﻿ Draw curves to show how the molar conductance of strong electrolytes varies with dilution. from Chemistry Electrochemistry Class 12 Nagaland Board

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Draw curves to show how the molar conductance of strong electrolytes varies with dilution.

When a plot is drawn between the molar conductivity versus square root of concentration for strong electrolytes, a curve (nearly straight line) shown in the given Fig is obtained. It is clear from the figure that molar conductance has higher value and increases linearly. Slight increase in the value of Λwith dilution is due to the decrease in interionic attraction with dilution i.e., decrease in concentration.

The molar conductivity at infinite dilution (Λm) can be obtained by extrapolating the above graph of strong electrolytes to zero concentration.
Kohlrausch Law of Independent migration of ions: The law states that limiting molar conductivity of an electrolyte can be represented as the sum of the individual contributions of the anion and cation of the electrolyte. Thus, if λ°Na+ and λCl are molar limiting conductivity of the sodium and chloride ions respectively, then the limiting molar conductivity for sodium chloride is given by the equation:
Λ°NaCl = λ°Na + λCl
In general, if an electrolyte on dissociation gives v+ cations and v anions then its limiting molar conductivity is given by
Λ° = v + λ°+ + V λ°
Here, λ°+ and λ° are the limiting molar conductivities of the cation and anion respectively.
Kohlrausch’s law helps us to calculate
(i) Determination of molar conductivities of weak electrolytes at infinite dilution.
(ii) Determination of the degree of dissociation of electrolytes.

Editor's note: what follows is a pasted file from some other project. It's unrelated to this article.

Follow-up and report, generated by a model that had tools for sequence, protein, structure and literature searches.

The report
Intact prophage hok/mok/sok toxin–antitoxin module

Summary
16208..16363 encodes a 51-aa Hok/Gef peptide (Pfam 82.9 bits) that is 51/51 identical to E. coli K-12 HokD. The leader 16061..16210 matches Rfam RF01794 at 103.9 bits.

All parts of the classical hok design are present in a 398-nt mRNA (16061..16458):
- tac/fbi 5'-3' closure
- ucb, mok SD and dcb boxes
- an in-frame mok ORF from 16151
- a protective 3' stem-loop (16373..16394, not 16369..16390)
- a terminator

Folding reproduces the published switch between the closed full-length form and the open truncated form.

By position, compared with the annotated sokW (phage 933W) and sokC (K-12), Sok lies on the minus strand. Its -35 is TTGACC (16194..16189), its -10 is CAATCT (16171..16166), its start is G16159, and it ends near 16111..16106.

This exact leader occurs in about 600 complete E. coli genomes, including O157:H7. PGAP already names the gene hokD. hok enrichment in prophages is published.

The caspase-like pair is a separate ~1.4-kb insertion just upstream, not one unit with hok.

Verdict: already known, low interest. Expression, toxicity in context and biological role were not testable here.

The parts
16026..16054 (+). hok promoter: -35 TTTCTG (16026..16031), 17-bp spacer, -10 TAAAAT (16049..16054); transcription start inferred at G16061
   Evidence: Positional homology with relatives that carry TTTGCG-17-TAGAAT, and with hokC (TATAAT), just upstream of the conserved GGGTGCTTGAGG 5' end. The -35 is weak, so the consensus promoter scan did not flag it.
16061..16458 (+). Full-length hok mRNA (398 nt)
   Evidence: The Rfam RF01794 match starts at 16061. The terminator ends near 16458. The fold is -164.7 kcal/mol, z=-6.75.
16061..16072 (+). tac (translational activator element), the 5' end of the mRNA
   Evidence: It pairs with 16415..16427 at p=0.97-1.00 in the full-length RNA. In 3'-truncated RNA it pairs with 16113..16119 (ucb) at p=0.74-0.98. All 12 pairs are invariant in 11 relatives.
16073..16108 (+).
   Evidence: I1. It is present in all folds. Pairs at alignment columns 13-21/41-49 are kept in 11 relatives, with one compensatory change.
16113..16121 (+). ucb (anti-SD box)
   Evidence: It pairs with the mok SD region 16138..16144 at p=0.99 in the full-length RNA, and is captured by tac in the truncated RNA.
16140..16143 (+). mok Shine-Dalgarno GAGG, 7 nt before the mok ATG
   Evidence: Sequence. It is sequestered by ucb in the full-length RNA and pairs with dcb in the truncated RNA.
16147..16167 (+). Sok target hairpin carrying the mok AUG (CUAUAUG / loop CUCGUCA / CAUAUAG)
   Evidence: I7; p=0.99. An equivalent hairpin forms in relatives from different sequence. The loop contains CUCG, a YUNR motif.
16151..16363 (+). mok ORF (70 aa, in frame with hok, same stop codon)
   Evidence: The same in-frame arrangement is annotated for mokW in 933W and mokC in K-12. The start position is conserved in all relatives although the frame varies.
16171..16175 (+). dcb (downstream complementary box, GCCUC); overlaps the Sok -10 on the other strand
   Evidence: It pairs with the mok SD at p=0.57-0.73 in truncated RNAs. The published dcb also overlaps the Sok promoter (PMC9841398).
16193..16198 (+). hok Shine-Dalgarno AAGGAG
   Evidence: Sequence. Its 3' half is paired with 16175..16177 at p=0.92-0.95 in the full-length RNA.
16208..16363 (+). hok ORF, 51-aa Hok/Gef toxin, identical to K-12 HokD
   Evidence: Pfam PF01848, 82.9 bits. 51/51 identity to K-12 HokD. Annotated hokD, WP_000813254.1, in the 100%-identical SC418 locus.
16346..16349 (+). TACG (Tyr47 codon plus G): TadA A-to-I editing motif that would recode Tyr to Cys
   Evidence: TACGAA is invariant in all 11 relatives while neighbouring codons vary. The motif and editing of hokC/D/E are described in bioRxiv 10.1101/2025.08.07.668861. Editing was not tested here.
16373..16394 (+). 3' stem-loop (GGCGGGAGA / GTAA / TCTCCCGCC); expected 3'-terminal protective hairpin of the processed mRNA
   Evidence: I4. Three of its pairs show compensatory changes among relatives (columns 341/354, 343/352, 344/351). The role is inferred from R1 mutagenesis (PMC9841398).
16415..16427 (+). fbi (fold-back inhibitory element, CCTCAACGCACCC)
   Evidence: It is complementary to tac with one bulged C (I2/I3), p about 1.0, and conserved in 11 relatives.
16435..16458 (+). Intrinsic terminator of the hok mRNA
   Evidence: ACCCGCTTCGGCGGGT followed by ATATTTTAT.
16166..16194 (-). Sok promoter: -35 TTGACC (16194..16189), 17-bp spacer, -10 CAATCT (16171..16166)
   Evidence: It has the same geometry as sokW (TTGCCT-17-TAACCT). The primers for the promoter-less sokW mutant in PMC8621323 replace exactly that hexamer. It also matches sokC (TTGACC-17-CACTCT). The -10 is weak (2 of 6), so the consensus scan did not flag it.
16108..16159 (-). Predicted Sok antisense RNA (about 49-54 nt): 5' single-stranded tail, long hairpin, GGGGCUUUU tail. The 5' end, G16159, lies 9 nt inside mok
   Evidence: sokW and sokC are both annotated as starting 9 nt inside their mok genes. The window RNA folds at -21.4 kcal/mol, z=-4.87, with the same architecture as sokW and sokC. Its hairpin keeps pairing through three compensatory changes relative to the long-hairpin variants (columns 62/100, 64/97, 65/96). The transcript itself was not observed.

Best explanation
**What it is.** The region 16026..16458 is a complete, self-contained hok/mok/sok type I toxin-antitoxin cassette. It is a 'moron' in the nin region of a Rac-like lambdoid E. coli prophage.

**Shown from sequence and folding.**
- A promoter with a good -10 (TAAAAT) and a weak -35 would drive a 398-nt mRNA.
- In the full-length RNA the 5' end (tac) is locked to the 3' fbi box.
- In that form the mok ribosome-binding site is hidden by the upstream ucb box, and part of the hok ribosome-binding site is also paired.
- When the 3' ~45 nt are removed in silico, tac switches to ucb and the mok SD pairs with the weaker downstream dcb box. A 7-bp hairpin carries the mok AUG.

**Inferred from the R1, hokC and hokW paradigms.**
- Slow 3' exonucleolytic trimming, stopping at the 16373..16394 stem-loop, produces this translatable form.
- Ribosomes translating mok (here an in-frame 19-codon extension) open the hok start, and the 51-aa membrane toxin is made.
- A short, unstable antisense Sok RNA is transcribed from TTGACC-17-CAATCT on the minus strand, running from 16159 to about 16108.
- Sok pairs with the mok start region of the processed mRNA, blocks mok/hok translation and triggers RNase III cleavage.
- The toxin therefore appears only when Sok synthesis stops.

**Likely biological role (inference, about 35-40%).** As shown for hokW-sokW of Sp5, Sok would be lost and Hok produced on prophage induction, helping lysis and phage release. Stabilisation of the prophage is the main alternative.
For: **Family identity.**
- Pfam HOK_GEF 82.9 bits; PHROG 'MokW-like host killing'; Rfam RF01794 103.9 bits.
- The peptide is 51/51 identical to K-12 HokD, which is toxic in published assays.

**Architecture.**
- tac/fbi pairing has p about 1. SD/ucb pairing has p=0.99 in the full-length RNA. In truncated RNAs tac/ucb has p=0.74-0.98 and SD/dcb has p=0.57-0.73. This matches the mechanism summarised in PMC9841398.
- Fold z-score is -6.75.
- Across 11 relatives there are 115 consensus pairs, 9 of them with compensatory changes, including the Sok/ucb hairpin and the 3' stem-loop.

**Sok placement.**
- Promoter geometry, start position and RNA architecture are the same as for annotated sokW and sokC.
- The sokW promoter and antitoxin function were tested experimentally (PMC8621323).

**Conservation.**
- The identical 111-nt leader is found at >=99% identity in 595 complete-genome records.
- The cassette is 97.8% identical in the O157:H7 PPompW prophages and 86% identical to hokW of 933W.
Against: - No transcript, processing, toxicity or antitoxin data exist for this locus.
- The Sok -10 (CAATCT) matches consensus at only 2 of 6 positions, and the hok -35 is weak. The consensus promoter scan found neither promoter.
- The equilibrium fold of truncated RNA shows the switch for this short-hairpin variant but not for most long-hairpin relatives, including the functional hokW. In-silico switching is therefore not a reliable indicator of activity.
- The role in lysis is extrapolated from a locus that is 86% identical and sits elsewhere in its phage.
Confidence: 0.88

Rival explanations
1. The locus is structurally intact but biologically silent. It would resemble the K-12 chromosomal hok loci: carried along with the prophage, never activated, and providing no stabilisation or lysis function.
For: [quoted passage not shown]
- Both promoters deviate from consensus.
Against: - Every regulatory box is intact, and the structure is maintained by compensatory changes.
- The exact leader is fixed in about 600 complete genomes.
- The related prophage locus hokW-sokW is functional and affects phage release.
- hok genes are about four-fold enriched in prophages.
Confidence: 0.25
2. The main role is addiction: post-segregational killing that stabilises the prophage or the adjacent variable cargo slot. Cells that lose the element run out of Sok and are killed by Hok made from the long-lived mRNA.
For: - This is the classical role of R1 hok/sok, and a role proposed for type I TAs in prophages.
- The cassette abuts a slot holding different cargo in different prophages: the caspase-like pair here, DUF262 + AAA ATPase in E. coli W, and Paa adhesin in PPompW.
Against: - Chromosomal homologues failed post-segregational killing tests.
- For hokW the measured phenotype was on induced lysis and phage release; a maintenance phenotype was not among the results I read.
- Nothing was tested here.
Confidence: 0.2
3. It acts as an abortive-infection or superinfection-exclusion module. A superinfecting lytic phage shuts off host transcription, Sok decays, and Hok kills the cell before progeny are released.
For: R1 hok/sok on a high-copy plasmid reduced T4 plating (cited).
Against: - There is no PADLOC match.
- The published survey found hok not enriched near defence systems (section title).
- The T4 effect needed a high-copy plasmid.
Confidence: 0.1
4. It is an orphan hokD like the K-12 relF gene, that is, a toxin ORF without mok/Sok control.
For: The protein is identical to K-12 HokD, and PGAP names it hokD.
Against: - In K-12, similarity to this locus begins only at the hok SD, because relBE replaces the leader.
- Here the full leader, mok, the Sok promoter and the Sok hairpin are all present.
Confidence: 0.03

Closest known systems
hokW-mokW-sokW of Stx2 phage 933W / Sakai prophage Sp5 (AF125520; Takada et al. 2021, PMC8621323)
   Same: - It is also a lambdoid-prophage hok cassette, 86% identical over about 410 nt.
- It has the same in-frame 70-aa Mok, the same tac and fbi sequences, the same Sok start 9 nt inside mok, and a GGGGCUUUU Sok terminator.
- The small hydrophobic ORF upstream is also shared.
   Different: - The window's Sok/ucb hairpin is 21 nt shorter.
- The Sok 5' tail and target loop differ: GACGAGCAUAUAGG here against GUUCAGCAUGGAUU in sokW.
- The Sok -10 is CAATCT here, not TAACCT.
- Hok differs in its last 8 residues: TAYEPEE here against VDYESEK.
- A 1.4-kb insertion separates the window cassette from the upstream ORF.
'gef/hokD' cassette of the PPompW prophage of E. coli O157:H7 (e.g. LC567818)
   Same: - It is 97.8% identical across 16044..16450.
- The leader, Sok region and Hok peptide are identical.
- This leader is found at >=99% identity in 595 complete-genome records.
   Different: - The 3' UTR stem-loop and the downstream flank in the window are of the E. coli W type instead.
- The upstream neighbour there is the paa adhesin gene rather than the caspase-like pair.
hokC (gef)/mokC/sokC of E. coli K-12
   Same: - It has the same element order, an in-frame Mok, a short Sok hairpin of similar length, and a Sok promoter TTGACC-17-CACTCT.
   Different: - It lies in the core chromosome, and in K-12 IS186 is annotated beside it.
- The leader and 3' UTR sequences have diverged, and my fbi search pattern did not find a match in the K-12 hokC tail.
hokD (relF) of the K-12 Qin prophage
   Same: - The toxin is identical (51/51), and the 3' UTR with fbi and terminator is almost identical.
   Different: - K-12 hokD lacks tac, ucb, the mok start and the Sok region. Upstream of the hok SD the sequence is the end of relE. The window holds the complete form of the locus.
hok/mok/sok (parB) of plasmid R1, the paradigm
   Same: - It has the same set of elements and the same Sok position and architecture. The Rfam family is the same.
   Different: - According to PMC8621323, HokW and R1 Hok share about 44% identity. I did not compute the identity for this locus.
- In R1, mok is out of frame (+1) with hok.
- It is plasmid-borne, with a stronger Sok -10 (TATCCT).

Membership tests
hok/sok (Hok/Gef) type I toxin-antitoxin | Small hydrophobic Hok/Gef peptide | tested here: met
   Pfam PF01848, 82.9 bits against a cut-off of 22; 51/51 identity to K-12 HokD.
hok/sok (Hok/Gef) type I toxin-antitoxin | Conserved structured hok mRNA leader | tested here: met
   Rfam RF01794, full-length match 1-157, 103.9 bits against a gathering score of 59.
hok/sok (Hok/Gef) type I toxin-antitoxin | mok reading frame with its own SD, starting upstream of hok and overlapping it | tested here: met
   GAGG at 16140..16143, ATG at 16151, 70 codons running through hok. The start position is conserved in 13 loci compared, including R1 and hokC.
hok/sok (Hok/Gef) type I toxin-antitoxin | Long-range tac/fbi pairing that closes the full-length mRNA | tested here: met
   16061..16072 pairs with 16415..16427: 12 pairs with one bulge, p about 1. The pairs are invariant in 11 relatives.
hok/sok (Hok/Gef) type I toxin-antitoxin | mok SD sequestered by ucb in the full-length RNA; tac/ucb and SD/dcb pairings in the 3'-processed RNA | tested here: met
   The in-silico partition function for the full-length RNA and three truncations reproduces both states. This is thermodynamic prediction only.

Degree of dissociation: It is ratio of molar conductivity at a specific countraction ‘C’ to the molar conductivity at infinite dilution. It is denoted by α.
i.e.,

458 Views

Calculate the emf of the cell in which the following reaction takes place:
Ni(s) + 2Ag+ (0.002 M) $\to$ Ni2+ (0.160 M) + 2Ag(s)
Given that

$\mathrm{Ni}\left(\mathrm{s}\right)+2{\mathrm{Ag}}^{+}\left(\mathrm{aq}\right)\to {\mathrm{Ni}}^{2+}\left(\mathrm{aq}\right)+2\mathrm{As}\left(\mathrm{s}\right)$

or

The equation is also written as

or

= 1.05 V – 0.0295 x log 80

= 1.05 V – 0.0295 x 1.9031

= 1.05 V – 0.056 = 0.99 V.

1585 Views

Calculate the potential of hydrogen electrode in contact with a solution whose pH is 10.

For hydrogen electrode, ,
given that      pH = 10
use formula [H+] = 10–pH
so that  [H+] = 10−10 M
Electrode reaction will
H+  + e –  →1/2 H2
Use the formula

1279 Views

Can you store copper sulphate solutions in a Zinc pot?

No. Because zinc is more reactive than copper and thus holes will be developed in zinc pot.

Cu2+(aq) + Zn(s) → Zn2+ (aq) + Cu(s)
1384 Views

How would you determine the standard electrode potential of the system Mg2+/Mg?

Use standard hydrogen electrode as anode and Mg2+ | Mg as a cathode we can measure the standard electrodepotential of systemMg2+ | Mg. Standard hydrogen electrode, represented by Pt(s), H2(g) (1 atm) | H+ (aq) and dip the electrode of Magnesium wire in a 1M MgSO4 solution .The standard hydrogen electrode is always zero.
Use formula
Eocell = Eo right  – Eoleft
The standard hydrogen electrode is always zero.
So that the value of
Eoleft =0
Hence
Eocell = Eo Mg|Mg2+
Or
Eo Mg|Mg2+= Eocell
2203 Views

Consult the table of standard electrode potentials and suggest three substance that can oxidize ferrous ions under suitable conditions.